Sunday, February 16, 2014

Catching Fire: Movie v. Book

Although the Catching Fire movie was a wonderful, exciting film, it was also in many ways a gross oversimplification of the book. The most exciting parts of the book were largely depicted in the movie representation, but the small details which build the characters and give meaning to the revolution are left out. My first complaint about the Catching Fire movie was the fact that it went too fast! A reader will go through the entire first third of the book with out more than a brief mentioning of the upcoming hunger games, yet in the movie they jump right into the violent action. This means leaving out crucial details such as Katniss's meeting with Bonnie and Twill in the woods. Bonnie and Twill are runaways from District Eight who are attempting to make their way to District Thirteen. These girls believe that there are people living underground in District Thirteen, left alone because they had nuclear weapons during the dark days. They tell Katniss about the footage of the mockingjay in District Thirteen which is constantly recycled, sparking the suspicion that perhaps the footage is being reused and there really are rebels living there. This leads me to the fact that District Thirteen is scarcely discussed until the end of the movie, even though Katniss spends a large part of the book obsessing over news footage, trying to figure out if there really is hope of a safe haven.
On a different note, the film overlooks the development of Peeta and Katniss's love, choosing instead to show Gale more frequently. In the actual text, many sweet moments are shown, such as Katniss and Peeta adding to the plant book together for weeks. All these small details justify the later development of Katniss and Peeta, but because the movie wanted to play up the love triangle, they chose to play up the infrequent encounters with Gale. When Katniss broke her heel in the book, Peeta carried her down the stairs every day for weeks, in addition to keeping her company during the day, yet this is never mentioned. In fact, the whole incident where Katniss breaks her heel is left out, which is a crucial part of showing how bad the situations in the districts have become. In district twelve, the new head peacekeeper Thread cracks down on all district activities, including illegal hunting. Katniss breaks her foot because Thread finds out she is in the woods and sends electricity to the fence to strand her. Katniss is then forced to climb a tree a jump over it, breaking her heel. Worse than the electricity in the fence are the public whippings, which are shown only once, inaccurately, in the movie. Gale's whipping is shown in the movie, but in the version he is whipped because he attacks the head peacekeeper, which seems almost justifiable. In the book though, the whipping of over forty lashes is caused simply because he was in possession of a wild turkey which he claimed he had found inside the fence. All attacks from the peacekeepers are barely provoked, which could definitely have been shown better. Over all, the movie was a fun film which I really enjoyed, but not a particularly accurate representation of the book.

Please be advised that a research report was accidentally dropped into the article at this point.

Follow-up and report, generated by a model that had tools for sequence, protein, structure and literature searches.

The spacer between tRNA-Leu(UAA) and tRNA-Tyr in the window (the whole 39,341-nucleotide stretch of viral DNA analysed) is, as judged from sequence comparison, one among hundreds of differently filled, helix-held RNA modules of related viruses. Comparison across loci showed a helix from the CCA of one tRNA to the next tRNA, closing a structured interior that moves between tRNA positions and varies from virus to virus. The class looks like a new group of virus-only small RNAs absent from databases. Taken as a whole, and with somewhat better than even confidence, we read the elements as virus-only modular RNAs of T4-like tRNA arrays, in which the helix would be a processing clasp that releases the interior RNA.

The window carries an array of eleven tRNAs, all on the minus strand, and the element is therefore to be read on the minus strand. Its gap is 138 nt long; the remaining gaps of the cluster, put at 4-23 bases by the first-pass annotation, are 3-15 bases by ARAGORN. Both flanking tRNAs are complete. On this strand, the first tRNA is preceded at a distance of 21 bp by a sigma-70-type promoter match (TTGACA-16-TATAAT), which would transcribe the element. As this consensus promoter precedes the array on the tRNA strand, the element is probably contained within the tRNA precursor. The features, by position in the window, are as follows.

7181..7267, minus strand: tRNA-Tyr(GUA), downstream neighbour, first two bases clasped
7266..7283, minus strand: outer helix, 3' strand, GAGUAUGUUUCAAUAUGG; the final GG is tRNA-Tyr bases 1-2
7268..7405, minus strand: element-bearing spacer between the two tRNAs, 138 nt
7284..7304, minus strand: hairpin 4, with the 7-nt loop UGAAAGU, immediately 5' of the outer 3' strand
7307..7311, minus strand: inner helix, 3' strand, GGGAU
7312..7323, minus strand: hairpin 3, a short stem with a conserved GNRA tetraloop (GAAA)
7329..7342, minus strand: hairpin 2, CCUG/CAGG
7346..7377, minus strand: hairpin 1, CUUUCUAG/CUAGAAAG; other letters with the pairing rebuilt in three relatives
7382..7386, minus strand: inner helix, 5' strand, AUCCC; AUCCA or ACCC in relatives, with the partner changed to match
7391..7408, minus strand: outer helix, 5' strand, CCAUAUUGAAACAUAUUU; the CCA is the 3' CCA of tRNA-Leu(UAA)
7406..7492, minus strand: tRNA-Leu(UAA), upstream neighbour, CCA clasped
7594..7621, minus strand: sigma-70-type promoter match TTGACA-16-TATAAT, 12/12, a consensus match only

Gale being whipped in District 12
Katniss and Peeta spark rebellion in District 11

1 comment:

  1. I really like the point that you made about the misrepresentation of the love triangle between Peeta, Gale, and Katniss. I completely agree that by removing many of the touching moments with Peeta and over-emphasizing her interaction with Gale, the viewer is really given the wrong impression about the overall dynamic. In my opinion, Katniss spends much of Catching Fire pulling back from Gale as things become more developed with Peeta, and the viewer definitely misses that dynamic at least until the Quarter Quell.